Feathers Aren’t Just for Birds
Nothing really compares to the first time you set eyes on a big bodied Clydesdale with silky white feathers cascading down the lower half of their leg. Inevitably, a kid nearby will groan “but horses don’t have feathers!” as a handler explains for the umpteenth time that day what these long hairs reaching all the way to the ground are really called.
Horse feathers are a flashy and unique characteristic of a variety of breeds from light bodied ponies to strong and hardy draft horses. The longer locks of hair serve an important function for horses in wetter climates, providing protection from brambles and rough terrain on long treks. Feathers in domestic horses do require a bit of extra grooming to keep them looking silky and healthy.
Clydesdales aren’t the only horses that come with this extra “flair.” Feathers are a feature on horses of many shapes and sizes.
Feature Photo Credit: Sisters Horsing Around
Horse Feathers: Defined
Horse feathers are the long hairs that grow over the back and sides of a horse’s leg, sometimes covering the hoof partially or entirely. This feathering is present year-round.
Do all horses have feathers?
Most horses tend to have a little bit of extra hair right at the fetlock joint just above their hooves, (moreso in the winter), but does that mean all horses have feathers? No. This trait is breed-specific and seems to be more common in pony and draft breeds.
Feathering is mostly a cosmetic feature of the domestic horse that is a lasting tribute to the evolutionary adaptations that have protected horses’ legs from harsh elements, rough terrain, and moisture.
What function do feathers serve?
The long and thick hairs cascading down some horses legs make a waterproof protective barrier to keep the undercoat and skin dry from the harsh elements, while also protecting their legs against brambles or other snags in underbrush.
Breeds with Horse Feathers
Horses that originate from cooler and damper climates like Europe and some parts of the US, grow extra long hairs on their legs that flow down all the way. or almost. to the ground. You typically won’t see a breed that comes from a warmer climate with feathers. A few examples of feathered breeds common today are the Clydesdale, Shire, Friesian, and a variety of European pony breeds such as the Fell pony or Dales pony.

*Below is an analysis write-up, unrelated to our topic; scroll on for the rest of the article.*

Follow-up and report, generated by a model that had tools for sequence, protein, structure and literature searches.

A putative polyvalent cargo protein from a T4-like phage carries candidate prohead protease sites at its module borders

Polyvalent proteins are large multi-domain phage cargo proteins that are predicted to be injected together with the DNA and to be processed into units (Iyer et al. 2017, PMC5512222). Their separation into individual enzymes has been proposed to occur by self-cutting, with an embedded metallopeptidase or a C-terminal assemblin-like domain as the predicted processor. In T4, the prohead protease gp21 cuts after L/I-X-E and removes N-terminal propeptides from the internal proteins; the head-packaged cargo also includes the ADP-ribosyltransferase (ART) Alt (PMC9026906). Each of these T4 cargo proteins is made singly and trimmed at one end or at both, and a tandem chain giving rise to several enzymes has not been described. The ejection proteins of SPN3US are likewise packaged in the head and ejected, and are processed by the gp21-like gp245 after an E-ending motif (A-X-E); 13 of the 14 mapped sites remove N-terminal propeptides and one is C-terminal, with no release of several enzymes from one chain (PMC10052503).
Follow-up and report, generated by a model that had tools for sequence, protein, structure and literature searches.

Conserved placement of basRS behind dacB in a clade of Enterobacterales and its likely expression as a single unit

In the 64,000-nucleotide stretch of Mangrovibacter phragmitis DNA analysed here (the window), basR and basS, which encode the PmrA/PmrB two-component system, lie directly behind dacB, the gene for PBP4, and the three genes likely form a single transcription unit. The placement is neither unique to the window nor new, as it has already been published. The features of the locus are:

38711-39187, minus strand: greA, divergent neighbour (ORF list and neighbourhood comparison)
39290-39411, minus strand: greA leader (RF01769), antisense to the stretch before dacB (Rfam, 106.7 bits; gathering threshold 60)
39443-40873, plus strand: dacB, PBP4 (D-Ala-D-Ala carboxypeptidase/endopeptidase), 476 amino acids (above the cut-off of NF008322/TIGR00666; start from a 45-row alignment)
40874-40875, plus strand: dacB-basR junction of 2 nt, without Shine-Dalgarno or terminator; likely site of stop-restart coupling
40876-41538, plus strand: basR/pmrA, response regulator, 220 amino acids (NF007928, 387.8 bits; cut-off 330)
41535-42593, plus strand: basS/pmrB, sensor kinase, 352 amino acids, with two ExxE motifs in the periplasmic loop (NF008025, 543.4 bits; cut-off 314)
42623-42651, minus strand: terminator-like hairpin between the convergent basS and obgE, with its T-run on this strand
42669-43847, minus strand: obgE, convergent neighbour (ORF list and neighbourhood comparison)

Clydesdales are a large draft horse breed. Stallions often weigh in at an excess of 2,000 pounds and over 17 hands tall. Typically, Clydesdales are bay, black, brown, sometimes chestnut or even roan colors. Clydesdales are generally good natured and friendly horses closely related to another English Draft breed—the Shire horse.
- Country of origin – Scotland
- Notable feather features – Mostly white feathers with white markings extending up the leg sometimes up onto the belly of the horse. Feathers are long, silky and generally cover all of the hoof.
I often hear people describe Friesians as the “black beauties of the horse world” and they truly are beautiful! These fancy horses are known for having a smooth and powerful stride with an elegant headset and very long mane, tail and feathers! Originally used as war horses, Friesians are very versatile. Average height ranges from 15 hands to 17 hands, making them suitable for a variety of rider sizes as well.
- Country of origin: The Netherlands
- Notable feather features: Friesian horses have feathers that grow mostly out of the back and to the side of the leg rather than covering the whole leg and hoof.
These massive English horses stand at a whopping 16 hands or higher according to the breed standard. This breed of draft horse comes in black, dark brown, bay or gray colors only. Roan and Chestnut colors are not permitted for this breed.
- Country of origin: England
- Notable feather features: Similar to the Clydesdale, Shire horses have primarily white feathers that are full and cover most of, if not all of, the hoof. Notably different from Clydesdale horses is that Shires may not have white patches extending over the knee or hock.